The small uninhabited island of Monuriki (40.4 ha) in western Fiji is of national and international conservation concern for its several protected species. Exotic invasive species and a Category 5 cyclone have exacerbated conservation challenges. The cooperation of local, national, and international stakeholders continues to be crucial in restoration of the island’s native flora and fauna. This summary presents a timeline of restoration efforts and current status of the recovery
programme for Monuriki. The critically endangered dry forest habitat of Fiji is only found in a few isolated patches on disparate islands. The Fijian crested iguana (Brachylophus cf. vitiensis) is a critically endangered species restricted to a few small islands in this dry forest zone of western Fiji. The population of crested iguanas on Monuriki Island is the third largest remaining population. Even before iguanas were first documented on the island in the early 1980s, individuals had been removed by local resorts for display purposes, a practice that was previously unregulated. In the late 1990s, the first efforts to conserve and restore Monuriki Island were discussed, but conservation initiatives were not implemented until the development of the Crested Iguana Recovery Plan in 2008. In 2011, domestic goats (Capra hircus) and non-native rats (Rattus exulans) were removed from the island, and 10 pairs of iguanas were brought into captive breeding facilities within Fiji. In 2015, the first 32 captive-bred crested iguanas were released back on Monuriki Island. More than half of these iguanas (N=26) were radio-tracked for 56 days post-release in order to assess survivorship and help provide insights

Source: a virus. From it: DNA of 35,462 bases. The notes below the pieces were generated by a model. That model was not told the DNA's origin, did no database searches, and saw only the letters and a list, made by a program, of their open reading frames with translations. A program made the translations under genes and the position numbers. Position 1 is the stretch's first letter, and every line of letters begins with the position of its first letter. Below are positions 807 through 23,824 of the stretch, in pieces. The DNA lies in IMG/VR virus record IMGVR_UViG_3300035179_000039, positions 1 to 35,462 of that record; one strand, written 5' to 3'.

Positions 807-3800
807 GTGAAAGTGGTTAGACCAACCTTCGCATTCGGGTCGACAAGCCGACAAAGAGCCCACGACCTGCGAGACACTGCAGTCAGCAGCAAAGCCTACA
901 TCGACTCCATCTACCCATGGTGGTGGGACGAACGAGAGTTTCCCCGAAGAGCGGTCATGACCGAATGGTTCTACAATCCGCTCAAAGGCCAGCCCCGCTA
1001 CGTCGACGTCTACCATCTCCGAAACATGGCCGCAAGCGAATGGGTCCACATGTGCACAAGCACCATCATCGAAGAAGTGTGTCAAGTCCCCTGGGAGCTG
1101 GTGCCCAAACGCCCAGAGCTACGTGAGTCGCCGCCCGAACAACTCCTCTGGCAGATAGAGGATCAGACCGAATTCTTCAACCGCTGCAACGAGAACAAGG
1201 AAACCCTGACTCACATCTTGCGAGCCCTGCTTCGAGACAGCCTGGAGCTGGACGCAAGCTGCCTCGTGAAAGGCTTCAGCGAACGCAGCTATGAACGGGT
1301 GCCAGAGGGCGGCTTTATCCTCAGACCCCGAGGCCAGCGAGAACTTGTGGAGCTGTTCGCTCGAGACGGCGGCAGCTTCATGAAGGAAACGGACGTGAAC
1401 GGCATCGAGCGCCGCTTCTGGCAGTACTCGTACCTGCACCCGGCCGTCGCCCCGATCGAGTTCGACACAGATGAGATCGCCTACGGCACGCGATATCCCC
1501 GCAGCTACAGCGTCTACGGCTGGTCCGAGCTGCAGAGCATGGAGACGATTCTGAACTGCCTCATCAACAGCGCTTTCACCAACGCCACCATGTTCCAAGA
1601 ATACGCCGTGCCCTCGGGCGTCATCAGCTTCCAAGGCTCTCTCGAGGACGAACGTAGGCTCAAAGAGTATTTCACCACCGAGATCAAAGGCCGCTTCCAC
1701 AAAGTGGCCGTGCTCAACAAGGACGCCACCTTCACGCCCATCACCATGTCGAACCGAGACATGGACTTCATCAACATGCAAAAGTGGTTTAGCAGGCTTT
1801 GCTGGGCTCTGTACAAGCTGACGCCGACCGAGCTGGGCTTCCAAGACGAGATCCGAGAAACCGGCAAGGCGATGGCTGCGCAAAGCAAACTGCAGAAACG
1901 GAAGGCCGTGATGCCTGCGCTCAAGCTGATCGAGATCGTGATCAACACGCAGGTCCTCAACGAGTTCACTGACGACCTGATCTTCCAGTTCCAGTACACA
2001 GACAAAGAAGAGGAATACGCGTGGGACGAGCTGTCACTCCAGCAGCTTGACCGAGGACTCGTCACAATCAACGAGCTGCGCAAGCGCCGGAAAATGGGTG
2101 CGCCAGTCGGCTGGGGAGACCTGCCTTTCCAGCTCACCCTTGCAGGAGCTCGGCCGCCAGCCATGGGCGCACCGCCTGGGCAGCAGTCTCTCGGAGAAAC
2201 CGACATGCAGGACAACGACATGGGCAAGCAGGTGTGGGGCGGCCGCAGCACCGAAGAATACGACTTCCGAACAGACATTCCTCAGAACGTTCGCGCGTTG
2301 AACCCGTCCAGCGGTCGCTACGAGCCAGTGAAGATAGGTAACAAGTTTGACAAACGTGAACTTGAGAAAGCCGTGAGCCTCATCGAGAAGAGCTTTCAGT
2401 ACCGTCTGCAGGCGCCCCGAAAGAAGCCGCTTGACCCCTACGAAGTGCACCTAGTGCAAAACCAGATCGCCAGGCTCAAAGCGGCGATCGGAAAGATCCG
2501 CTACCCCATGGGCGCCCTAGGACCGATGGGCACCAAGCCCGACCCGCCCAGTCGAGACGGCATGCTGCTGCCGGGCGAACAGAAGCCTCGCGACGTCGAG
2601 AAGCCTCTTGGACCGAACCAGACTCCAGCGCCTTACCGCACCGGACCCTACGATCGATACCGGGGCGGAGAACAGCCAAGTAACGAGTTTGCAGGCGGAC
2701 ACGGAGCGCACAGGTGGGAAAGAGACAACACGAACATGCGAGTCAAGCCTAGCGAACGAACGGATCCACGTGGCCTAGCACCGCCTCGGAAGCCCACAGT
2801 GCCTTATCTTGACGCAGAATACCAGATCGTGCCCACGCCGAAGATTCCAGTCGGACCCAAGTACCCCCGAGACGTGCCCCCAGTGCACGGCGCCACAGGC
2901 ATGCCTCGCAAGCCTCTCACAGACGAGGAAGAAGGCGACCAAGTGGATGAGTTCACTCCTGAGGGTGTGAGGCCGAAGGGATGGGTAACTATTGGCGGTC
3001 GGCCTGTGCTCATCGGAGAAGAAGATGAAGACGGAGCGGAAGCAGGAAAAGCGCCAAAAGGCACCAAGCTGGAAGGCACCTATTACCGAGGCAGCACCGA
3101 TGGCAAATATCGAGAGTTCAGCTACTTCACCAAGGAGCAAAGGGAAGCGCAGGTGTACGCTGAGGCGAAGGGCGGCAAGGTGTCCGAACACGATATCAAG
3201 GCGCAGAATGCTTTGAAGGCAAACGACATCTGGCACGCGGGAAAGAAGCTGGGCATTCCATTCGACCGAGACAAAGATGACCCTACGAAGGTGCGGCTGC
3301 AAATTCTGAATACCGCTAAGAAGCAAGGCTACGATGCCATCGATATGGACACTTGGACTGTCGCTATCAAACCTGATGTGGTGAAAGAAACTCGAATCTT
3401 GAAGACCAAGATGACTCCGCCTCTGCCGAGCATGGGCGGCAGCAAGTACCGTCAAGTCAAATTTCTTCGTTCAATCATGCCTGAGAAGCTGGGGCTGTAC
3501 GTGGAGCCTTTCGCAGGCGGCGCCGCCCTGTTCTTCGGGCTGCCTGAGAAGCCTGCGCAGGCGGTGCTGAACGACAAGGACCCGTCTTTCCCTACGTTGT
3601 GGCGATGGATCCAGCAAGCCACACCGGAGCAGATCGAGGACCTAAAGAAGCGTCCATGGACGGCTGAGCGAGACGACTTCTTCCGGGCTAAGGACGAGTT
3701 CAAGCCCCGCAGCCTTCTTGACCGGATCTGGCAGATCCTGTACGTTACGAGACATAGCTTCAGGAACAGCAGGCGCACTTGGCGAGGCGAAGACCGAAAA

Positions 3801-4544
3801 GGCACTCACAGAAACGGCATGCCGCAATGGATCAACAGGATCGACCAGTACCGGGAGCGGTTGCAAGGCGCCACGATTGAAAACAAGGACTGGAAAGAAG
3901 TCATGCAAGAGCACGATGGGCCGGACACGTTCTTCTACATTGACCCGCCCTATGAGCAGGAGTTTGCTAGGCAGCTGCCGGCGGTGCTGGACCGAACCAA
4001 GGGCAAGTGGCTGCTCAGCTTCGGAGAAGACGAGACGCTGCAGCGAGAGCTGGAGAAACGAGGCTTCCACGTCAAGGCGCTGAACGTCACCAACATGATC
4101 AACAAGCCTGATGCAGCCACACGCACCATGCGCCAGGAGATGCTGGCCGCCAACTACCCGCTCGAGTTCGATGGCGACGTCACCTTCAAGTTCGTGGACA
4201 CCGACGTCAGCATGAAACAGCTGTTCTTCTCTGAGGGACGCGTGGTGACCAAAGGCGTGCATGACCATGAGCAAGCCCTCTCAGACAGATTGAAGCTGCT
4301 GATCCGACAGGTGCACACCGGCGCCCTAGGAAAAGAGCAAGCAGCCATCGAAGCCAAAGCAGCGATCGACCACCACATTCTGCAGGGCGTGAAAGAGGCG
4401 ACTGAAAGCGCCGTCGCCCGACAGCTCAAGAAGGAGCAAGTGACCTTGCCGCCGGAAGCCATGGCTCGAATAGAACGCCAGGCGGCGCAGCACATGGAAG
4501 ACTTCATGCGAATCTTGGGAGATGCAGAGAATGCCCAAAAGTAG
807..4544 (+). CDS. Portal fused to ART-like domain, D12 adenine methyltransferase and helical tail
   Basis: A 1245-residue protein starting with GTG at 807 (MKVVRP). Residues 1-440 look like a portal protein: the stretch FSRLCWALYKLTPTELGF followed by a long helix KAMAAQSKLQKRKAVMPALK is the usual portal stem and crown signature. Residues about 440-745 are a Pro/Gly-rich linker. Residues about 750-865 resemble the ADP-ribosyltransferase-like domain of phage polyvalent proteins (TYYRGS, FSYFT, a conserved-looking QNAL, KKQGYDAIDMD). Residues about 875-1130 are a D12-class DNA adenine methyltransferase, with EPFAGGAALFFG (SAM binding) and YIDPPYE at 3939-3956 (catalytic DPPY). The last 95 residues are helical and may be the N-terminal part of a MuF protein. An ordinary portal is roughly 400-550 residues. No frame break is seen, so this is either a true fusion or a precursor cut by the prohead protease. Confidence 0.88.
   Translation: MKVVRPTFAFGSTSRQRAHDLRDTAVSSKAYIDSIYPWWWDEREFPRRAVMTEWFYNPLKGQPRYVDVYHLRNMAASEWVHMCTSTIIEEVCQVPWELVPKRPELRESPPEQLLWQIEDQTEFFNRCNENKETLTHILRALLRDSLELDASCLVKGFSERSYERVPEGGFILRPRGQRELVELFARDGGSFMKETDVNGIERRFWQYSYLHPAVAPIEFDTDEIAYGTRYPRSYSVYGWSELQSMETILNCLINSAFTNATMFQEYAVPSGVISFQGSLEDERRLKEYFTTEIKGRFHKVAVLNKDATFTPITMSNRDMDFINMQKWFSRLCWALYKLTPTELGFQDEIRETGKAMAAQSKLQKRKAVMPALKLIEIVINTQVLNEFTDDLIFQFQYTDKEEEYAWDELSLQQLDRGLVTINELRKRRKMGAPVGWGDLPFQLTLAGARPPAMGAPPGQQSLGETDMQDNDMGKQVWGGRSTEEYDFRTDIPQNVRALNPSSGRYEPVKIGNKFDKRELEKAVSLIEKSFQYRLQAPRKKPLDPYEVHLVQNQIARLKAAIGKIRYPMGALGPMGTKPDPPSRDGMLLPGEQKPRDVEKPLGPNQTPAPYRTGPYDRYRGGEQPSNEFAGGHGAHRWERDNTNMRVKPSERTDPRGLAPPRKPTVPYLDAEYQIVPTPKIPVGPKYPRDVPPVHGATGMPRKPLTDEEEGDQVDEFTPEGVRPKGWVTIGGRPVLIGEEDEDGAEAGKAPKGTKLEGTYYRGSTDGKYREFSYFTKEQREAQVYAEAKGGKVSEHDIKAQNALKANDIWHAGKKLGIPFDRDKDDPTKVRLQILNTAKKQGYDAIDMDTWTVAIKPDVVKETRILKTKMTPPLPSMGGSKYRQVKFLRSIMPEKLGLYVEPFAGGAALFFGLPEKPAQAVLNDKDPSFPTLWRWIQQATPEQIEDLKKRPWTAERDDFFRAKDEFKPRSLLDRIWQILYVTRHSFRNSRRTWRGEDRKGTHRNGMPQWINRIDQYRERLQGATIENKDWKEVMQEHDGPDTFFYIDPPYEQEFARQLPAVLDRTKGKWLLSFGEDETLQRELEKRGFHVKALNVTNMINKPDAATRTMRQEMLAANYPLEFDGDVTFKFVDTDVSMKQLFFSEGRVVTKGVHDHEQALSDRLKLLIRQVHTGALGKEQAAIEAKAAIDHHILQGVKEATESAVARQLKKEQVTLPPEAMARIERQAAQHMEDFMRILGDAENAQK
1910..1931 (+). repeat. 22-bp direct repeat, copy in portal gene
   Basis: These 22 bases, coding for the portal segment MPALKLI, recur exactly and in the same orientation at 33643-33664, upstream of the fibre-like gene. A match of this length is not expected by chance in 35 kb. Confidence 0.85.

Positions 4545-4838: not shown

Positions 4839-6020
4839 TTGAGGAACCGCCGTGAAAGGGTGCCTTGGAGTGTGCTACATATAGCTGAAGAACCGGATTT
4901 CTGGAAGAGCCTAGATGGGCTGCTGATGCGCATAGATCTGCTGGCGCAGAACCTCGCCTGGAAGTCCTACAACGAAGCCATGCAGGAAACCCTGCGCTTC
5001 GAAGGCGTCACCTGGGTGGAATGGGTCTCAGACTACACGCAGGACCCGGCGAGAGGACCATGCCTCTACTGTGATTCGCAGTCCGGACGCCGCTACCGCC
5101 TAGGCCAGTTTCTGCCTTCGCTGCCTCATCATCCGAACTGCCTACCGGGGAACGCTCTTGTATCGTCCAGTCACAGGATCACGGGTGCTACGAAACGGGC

into their short-term movement patterns. Of the 26 iguanas that were tracked, nearly 70% (N=18) were found after 56 days indicating excellent short-term survival. In February 2016, Tropical Cyclone Winston, a Category 5 storm passed through Fiji and devastated some of the tropical dry forest habitat on Monuriki. With sustained winds of up to 230 km/ hr nearly all of the canopy leaves from trees on Monuriki Island were removed and large amounts of debris covered the forest floor. Following the cyclone, a brief wildlife survey revealed Monuriki’s iguana and bird populations were still present. In 2017, the crested iguana captive breeding programme was brought to an end when 16 of the original 20 iguana founders, and an additional 32 captive bred off spring, were reintroduced onto Monuriki. This was accomplished, in part, due to successful breeding and reestablishment of the remaining wild iguanas on the island. Despite a major storm event, reestablishment likely resulted from reduced egg and hatchling predation by the rats, and excellent habitat recovery after goat removal. Overall these invasive species eradications have proven highly successful for the recovery of the iguanas, wedge-tailed shearwaters (Puffi nus pacifi cus), and several other non-target species including the banded rail (Gallirallus philippensis) and endangered Fijian peregrine falcon (Falco peregrinus). Furthermore, eradication of non-native species has also helped the recovery of the highly threatened tropical dry forest ecosystem in which these species exist.